At step 2712, the vehicle control system 204 accepts vehicle sensor 242 data and determines if a damage incident has occurred to vehicle 104. If no damage has occurred, the process returns to step 2708 wherein vehicle sensors 242 continue to operate and sensor data is received. Vehicle control system 204 determines a damage incident has occurred by assessing the received signals or measurements from the one or more vehicle sensors 242. That is, the vehicle control system 204 accepts sensor inputs, assesses those sensor inputs, and determines if the measurement is indicative of damage to the vehicle 104. For example, a vehicle body sensor 782 may be located in the roof of vehicle 104. Upon contact by a hazard 2204, such as half-inch sized hail, above a selectable threshold the vehicle body sensor 782 provides an output signal. For example, the vehicle body sensor 782 might be calibrated to provide a signal if a force at or above five (3) pounds is measured, or if an acceleration above 0.5 foot/sec is measured, or a displacement of more than one-quarter inch is detected. The location of the vehicle body sensor 782 provides an indication of the location of the damage to vehicle 104. The value measured provides an indication of the degree of damage to vehicle 104. The vehicle sensor 242 would also provide a location of the damage, with respect to a certain zone 512 or area 508 of the vehicle, i.e the vehicle roof. Stated another way, the vehicle sensors 242 output signals to the vehicle control system 204 that an event (vehicle damage) has been measured or sensed. These data may then in turn be sent to the vehicle control system processor 304 to determine the zone 512 and area 508 where the event occurred.

Upon receiving the vehicle sensor data, the vehicle control system 204 may also perform signal processing of signals received from one or more vehicle sensors 242. Such signal processing may include fused or blended estimation of a measured parameter from a single sensor, such as multiple measurements of a range state parameter from the vehicle 104 to a potential intruder. In a simple case, the vehicle control system 204 may solely receive measurements of range from a single force sensor, and simple output a running average of the range, e.g. average all measurements over the last 1 sec to provide an average force value. Optionally, the vehicle control system 204 may perform estimation, blending, or fusion of a measured state parameter from multiple sensors such as multiple force sensors. Signal processing of such sensor signal measurements may comprise stochastic signal processing, adaptive signal processing, and/or other signal processing techniques known to those skilled in the art.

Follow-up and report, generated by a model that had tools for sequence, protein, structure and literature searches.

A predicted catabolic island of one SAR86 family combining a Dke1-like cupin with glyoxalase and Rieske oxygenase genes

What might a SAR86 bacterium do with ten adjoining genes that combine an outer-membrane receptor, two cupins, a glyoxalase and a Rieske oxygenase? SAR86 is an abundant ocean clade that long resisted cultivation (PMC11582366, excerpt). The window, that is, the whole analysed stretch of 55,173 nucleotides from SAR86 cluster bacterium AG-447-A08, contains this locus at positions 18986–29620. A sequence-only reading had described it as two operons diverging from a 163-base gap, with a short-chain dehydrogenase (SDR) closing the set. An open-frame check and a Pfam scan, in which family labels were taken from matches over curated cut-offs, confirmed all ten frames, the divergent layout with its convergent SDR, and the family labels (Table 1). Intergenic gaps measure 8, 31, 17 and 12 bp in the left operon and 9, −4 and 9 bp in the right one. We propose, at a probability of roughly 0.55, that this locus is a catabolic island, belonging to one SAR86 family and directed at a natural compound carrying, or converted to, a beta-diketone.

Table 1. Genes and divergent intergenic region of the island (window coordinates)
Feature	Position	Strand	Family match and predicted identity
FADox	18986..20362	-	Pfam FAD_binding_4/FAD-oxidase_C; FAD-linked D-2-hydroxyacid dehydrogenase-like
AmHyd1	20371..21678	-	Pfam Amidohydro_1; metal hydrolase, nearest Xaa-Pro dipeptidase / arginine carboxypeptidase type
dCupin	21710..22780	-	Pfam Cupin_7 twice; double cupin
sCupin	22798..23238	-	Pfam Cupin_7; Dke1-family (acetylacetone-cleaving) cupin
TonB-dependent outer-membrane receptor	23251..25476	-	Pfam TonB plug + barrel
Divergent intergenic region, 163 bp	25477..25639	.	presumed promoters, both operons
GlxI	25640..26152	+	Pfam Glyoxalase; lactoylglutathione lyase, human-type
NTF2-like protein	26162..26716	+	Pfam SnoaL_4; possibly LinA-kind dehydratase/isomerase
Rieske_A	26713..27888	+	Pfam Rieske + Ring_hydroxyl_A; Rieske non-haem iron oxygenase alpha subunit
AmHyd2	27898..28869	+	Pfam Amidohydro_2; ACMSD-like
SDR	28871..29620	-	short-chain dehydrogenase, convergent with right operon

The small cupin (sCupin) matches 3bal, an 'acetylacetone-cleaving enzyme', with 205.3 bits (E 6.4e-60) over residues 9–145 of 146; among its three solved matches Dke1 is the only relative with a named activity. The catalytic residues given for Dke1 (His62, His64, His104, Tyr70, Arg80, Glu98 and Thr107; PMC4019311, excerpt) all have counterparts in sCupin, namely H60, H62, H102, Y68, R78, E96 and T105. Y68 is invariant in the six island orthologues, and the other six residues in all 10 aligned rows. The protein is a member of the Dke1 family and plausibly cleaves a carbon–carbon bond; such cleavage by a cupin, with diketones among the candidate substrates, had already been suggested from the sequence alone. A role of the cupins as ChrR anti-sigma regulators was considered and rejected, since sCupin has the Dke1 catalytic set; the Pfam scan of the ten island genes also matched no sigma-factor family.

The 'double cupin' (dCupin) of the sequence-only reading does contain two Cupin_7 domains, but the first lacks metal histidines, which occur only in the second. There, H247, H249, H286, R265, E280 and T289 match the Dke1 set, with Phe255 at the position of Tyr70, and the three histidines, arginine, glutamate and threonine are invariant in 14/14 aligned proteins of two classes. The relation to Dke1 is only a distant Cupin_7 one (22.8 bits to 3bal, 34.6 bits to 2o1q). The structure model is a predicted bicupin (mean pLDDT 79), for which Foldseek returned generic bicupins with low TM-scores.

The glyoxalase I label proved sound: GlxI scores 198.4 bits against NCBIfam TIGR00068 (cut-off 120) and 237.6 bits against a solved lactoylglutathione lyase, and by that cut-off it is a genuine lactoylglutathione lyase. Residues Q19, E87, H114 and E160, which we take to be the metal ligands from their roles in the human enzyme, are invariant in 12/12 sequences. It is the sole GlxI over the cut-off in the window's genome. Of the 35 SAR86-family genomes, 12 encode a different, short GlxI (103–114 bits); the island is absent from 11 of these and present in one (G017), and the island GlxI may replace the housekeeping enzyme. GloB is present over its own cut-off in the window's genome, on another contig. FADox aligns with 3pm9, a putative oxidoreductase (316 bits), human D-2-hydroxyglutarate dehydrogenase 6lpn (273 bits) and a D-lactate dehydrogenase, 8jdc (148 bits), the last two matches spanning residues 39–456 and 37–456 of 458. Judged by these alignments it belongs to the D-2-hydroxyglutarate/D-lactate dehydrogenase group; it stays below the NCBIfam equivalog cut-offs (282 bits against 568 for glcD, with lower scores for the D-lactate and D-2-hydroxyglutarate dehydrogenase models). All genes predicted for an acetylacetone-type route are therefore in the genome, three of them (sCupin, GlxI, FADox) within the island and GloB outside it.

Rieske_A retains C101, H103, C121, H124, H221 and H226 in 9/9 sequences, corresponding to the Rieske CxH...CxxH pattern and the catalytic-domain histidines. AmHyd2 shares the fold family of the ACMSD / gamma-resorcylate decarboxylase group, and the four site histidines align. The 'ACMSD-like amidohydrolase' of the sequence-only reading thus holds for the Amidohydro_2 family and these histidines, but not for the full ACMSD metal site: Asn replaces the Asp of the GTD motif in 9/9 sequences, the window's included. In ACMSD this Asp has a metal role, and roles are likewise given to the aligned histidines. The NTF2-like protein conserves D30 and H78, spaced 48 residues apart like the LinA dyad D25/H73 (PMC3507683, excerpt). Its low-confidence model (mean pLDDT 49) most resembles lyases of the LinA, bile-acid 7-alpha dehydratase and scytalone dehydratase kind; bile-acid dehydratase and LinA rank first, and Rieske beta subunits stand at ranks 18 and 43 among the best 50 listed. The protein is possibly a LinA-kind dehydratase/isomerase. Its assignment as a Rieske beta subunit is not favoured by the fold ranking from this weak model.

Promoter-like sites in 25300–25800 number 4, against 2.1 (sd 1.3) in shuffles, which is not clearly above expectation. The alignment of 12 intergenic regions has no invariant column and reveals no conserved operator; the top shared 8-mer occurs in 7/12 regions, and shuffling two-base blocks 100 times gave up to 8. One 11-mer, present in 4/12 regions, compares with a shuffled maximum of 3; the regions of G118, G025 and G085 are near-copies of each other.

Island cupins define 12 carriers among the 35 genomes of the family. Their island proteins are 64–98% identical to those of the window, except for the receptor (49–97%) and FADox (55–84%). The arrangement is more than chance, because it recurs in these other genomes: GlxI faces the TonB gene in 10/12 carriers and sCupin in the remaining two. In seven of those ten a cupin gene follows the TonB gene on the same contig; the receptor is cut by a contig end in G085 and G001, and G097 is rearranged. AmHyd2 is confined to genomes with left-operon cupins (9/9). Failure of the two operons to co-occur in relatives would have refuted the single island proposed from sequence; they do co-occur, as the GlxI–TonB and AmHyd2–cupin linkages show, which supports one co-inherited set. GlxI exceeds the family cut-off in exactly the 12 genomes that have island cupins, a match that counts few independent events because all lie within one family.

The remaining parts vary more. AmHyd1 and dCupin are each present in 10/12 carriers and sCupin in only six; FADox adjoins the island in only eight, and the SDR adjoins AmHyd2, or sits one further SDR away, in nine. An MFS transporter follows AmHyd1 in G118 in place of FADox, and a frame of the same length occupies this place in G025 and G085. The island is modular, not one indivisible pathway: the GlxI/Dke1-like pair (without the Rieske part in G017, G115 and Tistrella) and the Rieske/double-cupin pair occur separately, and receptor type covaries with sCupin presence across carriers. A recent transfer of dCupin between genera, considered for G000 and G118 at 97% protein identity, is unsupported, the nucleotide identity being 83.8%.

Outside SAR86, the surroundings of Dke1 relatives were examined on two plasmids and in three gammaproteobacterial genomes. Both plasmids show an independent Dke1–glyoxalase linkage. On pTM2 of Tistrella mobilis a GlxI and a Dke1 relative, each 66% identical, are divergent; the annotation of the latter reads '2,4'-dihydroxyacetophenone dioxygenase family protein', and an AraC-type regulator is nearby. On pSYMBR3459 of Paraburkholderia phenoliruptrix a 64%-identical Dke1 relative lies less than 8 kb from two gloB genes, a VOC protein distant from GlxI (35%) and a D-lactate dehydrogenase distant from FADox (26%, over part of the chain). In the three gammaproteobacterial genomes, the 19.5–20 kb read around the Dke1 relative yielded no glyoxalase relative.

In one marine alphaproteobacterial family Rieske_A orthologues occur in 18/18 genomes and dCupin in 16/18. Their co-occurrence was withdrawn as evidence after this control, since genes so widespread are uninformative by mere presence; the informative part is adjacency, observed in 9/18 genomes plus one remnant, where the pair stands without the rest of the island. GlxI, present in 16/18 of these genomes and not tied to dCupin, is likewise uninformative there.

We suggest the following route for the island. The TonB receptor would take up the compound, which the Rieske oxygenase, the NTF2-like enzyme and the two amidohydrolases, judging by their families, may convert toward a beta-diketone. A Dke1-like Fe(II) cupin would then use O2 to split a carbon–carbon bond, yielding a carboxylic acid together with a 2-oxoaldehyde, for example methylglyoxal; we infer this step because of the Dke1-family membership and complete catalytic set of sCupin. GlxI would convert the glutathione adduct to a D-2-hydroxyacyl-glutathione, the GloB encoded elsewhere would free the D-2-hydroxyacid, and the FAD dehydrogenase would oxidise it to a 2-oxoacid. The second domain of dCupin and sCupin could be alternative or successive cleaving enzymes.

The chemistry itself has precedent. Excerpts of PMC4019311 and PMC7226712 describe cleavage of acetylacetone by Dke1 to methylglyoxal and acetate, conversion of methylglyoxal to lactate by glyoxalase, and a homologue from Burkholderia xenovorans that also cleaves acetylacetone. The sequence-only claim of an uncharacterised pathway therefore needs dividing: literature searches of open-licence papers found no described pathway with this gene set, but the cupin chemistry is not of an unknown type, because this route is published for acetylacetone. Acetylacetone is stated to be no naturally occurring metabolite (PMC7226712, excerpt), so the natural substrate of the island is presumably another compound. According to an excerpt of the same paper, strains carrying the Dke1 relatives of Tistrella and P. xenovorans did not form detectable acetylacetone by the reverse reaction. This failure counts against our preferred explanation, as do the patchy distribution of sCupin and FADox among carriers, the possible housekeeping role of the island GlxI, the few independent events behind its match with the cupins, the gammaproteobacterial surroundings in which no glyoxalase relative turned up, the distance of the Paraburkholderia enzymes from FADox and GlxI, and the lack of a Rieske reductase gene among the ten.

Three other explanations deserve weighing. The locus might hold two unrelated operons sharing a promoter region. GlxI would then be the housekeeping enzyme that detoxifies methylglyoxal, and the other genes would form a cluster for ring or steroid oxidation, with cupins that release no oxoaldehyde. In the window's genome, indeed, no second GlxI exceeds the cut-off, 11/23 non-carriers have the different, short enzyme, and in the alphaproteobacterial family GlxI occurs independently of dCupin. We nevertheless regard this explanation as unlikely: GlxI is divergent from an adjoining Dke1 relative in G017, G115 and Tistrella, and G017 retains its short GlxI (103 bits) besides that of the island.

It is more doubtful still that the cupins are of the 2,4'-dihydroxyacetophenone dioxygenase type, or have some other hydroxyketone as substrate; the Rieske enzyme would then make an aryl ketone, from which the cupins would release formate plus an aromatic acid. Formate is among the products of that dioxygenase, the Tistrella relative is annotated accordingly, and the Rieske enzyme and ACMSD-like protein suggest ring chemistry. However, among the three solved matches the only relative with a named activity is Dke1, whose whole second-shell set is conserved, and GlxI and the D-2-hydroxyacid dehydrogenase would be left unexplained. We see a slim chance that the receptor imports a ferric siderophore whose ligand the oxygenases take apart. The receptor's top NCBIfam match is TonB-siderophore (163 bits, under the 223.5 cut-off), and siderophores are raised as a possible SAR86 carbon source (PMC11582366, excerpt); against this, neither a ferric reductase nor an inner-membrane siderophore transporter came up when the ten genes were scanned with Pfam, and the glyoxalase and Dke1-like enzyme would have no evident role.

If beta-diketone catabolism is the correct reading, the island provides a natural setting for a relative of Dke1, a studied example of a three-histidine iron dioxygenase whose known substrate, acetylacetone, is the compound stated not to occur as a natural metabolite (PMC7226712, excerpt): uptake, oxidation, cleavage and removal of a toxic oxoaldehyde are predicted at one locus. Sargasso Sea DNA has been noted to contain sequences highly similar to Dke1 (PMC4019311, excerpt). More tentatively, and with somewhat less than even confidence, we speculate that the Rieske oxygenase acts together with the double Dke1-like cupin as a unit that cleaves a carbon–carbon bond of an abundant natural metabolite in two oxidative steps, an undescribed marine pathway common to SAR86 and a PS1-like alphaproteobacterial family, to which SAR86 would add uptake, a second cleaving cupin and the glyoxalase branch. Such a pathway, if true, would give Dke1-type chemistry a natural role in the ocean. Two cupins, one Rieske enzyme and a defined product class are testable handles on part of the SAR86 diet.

At step 2716, upon detection or sensing of vehicle damage, the vehicle control system 204 determines if the health state of any of the one or more occupant users 216 of vehicle 104 indicates a health anomaly, comprising if any occupants are injured or otherwise in need of medical or other attention. If no users 216 indicate a health anomaly e.g. are in need of medical or other attention, the process returns to step 2708 wherein vehicle sensors 242 continue to operate and sensor data is received. The vehicle control system 204 may compare the received health data from sensors comprising sensors 242 and wearable devices 802, 806, 810 to identify any anomalies, e.g. data out of selectable ranges (e.g. a diastolic blood pressure reading above 100 or a systolic blood pressure above 140) or a detected condition (e.g. heart arrhythmia). Alternatively or additionally, a statistically significant comparison may include determining if there are any parameters that could be deemed anomalous. For example, measured health parameters regarding heart function may be monitored and, if above a selectable threshold value, identified as anomalous and therefore in need of medical attention.